Rousseau seems to have been the inspiration behind many liberal attempts to reduce social tensions: but his failing (says Money-Kyrle) was to "deny the individual's unconscious sense of responsibility for predatory aggression". This abrogation of responsibility for one's own destructiveness has two kinds of consequence it can lead people (as under fascism) to subject their consciences to dictatorship, in fear of accepting responsibility for their own acts. Or it can (as in presentday English progressive attitudes) lead to a dangerous blindness to the problems of destructiveness in culture and conduct, and the harm these cause. (A significant gambit of the "new morality" is to ask for proof of the harm, knowing the area to be one in which proof is impossible.) THE worst aspect of this blindness is, I believe, a a process of demoralisation. Everywhere values are being inverted, so that serious writers can tell us that to be jealous over infidelity is "uncivilised", and that we should grow out of it (Christopher Driver) or that the only criterion in sexual relationships is the hedonistic "am I happy?" (John Wilson). In reviews we are told that films and books are "enjoyably smutty" (The Guardian) or "brilliantly dirty" (The Listener): in colour supplements that "pot-and-sex orgies" are "strangely innocent" (Weekly Telegraph).
The valuable liberal concern to exert a compassionate tolerance of homosexuality and to allow "frank" sexual expression have been extended to false assumptions that it is wrong to regard homosexuality as deviant (Anne Duchene on Le Batarde in The Guardian) and that pornography is valuable in itself (Amis). Even to talk of "curing" drug addiction is impermissible (Geoffrey Moorhouse reporting Trocchi). Peter Lennon, in writing of the intellectual gangster Figon seemed to admire the philosophical purity of his motives for involvement in unsavioury underground activities which may have involved murder. Wayland Young says "we must not condemn blackmail outright—it depends on who is being blackmailed". To such passes has moral relativism brought up : as Roubiczek indicates in his book on Existentialism similar arguments could be used to vindicate Nazi atrocities.
Such moral positions are false because they deny such evidence as we have in thousands of case histories that there are unconscious bases in such manifestations which mark incompleteness of identity or splits in personality. They also ignore the evidence that related aberrations can be at worst manifestations of the most terrible hate (as we see in the courts). That is, they have taken over a schizoid ethos rather than a valid ethical revolution. They have swallowed vindications of destructive behaviour at their face value: and implicitly they have come to deny that there are normative modes of behaviour, or even sanity, which is extreme.
Many writers are schizoid persons (because they have the schizoid's uncanny insight). I think that today the unconscious impulses of some writers has enlisted the sincere liberal mind to prompt the creation of an ethos (as over drugs and sex) in which demoralisation has reached such a pitch that a great deal of confusion, unhappiness and damage has actually been caused—as it was meant to be caused, unconsciously, by undermining the quest for identity in others, by unconscious schizoid impulses.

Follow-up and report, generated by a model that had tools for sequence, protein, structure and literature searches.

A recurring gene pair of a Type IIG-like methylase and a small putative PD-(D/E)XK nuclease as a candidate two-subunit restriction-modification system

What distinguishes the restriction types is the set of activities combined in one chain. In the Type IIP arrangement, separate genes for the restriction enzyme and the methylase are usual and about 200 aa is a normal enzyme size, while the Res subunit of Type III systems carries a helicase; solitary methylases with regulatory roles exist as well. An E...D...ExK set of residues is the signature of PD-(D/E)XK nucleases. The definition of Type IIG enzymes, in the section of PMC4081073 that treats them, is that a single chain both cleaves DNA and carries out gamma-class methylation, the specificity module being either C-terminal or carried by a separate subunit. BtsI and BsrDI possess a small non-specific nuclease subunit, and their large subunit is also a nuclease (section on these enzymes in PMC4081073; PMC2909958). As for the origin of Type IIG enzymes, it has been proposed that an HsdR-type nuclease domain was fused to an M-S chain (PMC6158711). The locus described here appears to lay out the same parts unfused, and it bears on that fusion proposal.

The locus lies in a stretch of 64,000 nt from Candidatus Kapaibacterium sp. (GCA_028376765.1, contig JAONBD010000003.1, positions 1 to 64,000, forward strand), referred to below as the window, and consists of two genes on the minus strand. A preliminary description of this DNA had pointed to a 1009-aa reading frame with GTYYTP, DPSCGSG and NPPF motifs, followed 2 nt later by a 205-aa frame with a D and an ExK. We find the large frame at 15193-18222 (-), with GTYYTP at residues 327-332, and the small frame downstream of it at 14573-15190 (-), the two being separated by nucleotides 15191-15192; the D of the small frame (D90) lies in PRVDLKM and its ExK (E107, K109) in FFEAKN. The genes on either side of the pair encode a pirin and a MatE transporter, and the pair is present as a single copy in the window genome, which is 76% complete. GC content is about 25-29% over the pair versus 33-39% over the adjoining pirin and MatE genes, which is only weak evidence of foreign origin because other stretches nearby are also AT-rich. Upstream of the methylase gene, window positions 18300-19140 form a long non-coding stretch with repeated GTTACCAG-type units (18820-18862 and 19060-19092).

THE prevalent impulse to bring about such a demoralisation in so far as it is sincere, is based on a popular misunderstanding of the effect of Freudian psycho-analysis derived from his earlier theories. It is significant though that psychotherapeutic practice has always been something quite different (because it is "the analyst's love that heals the patient" as Sandor Ferenczi expressed it). But al
though psycho analytical theory has itself been significantly modified over three decades by such people as Susan Isaacs, Anna Freud, Melanie Klein, and D. W. Winnicott, prevalent theories which explicitly or impilicitly assume themselves to be based on psycho analysis significantly and perversely ignore these more recent developments.
It is thus that the "wise are sleeping while evil is succeeding": a journalistic fashion is based on phantom authorities. A suspicion of this accounts for the discomfort which many people feel about the way things are going.
As long ago as 1935 Ian D. Suttie discussed the problem of "therapeutic demoralisation". The attitudes of the "new enlightenment" and the "new morality" arc essentially based on this theoretical approach.
In the early days the neurotic was held to be morally hyperaesthetic, and contact with the broad-minded analyst desensitized him, or, as many disapproving lay writers held. demoralised him to the required extent. Needless to say, such a theory of therapy was never approved by serious analysts, though it was popular with rebel temperaments who embraced analysis for anti-social reasons— conscious or unconcious. The Origins of Love and Hate, p. 164.
From this point of view the therapeutic aim could be conceived in two ways: one in the postulated assurance to the patient: "These evil thoughts and wishes are not really bad after all. Sex is only bad for children, that is why it is hidden by adults from them. Now you are grown up and permitted to wish these things . . ." This Suttie calls "initiation"
therapy by demoralisation. The other is disillusion : "Of course you are bad—if you call sex bad: we are all bad in this sense, We are merely hypocrites, and goodness is an illusion."
Suttie quotes one Dr. Eder, "we are born mad. We acquire morality and become stupid and unhappy. Then we die".
This is a further stage in demoralisation, since it implies that all morality is futile: the similarity to certain prevalent avant-garde attitudes to life will be evident.